Fri Feb 11 13:33:00 GMT 2011
On Feb 10 09:54, Eric Blake wrote:
> On 02/09/2011 05:43 PM, Eric Blake wrote:
> >> Shoot - I missed another POSIX requirement:
> >> "The implementation shall behave as if no function defined in this
> >> volume of POSIX.1-2008 calls strerror( )."
> > Reading further, POSIX states the reason for that requirement:
> > "Historically in some implementations, calls to perror( ) would
> > overwrite the string that the pointer returned by strerror( ) points to."
> Proposal: would anyone object if I changed the semantics of
> _user_strerror? Right now, it is documented as:
> char *_user_strerror(int errnum);
> where errnum is unhandled by newlib proper, and the result is NULL if
> the hook also declines handling, or an alternate string used directly
> (therefore, one can write _user_strerror to provide "unknown error %d"
> formatting into thread-safe storage). However, this means that use of
> _user_strerror either renders perror() non-compliant, since
> _user_strerror reuses the same storage on each call, or that it is a
> memory leak with _user_strerror returning new storage on each call. I'm
> proposing that we change the signature of the hook to:
> char *_user_strerror(int errnum, int from_strerror)
> where the from_strerror argument is 0 for all callers except strerror().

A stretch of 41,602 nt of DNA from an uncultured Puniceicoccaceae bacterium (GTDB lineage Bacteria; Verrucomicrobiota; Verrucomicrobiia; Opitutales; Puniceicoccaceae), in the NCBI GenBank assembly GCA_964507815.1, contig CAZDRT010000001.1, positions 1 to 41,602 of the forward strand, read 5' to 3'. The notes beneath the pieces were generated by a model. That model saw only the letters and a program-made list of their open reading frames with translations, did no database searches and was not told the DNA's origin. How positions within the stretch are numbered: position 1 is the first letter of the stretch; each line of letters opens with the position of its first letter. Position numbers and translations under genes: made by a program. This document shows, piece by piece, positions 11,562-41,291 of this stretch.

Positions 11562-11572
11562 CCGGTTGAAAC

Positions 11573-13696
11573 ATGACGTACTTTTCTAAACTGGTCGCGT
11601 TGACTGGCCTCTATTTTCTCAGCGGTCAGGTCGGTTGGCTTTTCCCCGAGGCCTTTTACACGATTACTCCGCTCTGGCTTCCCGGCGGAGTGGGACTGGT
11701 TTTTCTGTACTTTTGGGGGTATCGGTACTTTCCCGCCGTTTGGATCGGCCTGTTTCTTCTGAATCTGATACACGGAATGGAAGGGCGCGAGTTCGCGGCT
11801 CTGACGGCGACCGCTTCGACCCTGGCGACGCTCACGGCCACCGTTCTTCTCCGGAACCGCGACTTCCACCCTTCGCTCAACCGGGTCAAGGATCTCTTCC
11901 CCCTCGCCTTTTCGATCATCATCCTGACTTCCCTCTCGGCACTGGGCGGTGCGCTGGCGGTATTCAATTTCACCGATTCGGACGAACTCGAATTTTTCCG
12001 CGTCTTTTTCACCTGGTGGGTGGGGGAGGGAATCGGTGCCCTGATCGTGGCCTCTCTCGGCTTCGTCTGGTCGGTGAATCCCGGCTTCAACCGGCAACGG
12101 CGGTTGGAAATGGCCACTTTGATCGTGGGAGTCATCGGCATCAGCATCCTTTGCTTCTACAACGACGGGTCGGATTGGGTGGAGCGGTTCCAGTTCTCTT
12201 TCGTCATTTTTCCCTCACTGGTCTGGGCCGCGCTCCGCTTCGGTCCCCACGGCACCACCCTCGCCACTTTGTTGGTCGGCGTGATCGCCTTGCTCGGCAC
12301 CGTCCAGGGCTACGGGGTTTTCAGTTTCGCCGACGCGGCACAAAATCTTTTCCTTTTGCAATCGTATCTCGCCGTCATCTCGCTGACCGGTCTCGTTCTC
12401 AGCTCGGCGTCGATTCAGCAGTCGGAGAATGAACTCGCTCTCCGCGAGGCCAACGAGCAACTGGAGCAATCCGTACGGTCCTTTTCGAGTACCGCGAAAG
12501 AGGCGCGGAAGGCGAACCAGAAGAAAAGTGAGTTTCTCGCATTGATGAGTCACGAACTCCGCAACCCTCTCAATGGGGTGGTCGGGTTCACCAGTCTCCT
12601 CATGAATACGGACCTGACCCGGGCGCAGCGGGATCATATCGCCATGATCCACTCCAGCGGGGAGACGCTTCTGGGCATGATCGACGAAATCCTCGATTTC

> I'm also proposing adding _strerror(int errnum, int strerror) which all
> other newlib clients (such as perror()) will call as _strerror(err,0),
> but strerror() will call as _strerror(err,1).
> ABI wise, existing implementations of _user_strerror that take one
> argument will ignore the second argument, so it is a backward-compatible
> API change. Meanwhile, this would allow others to implement
> _user_strerror in such a way that keeps the rest of newlib
> POSIX-compliant - returning two different banks of storage depending on
> the from_strerror argument, so that no other function overwrites the
> bank of storage returned by strerror(); it would also allow strerror()
> to set errno to EINVAL via _user_strerror while leaving errno untouched
> for strerror_r.
That sounds ok. As long as _user_strerror just returns a pointer to a
constant string value it's no problem, but as soon as the function
copies over an error string into some static storage it doesn't comply
to POSIX anymore.
If nobody has a strong argument against this proposal within a week or
so, I guess you can just go ahead. Please don't forget to enhance the
Cygwin Project Co-Leader
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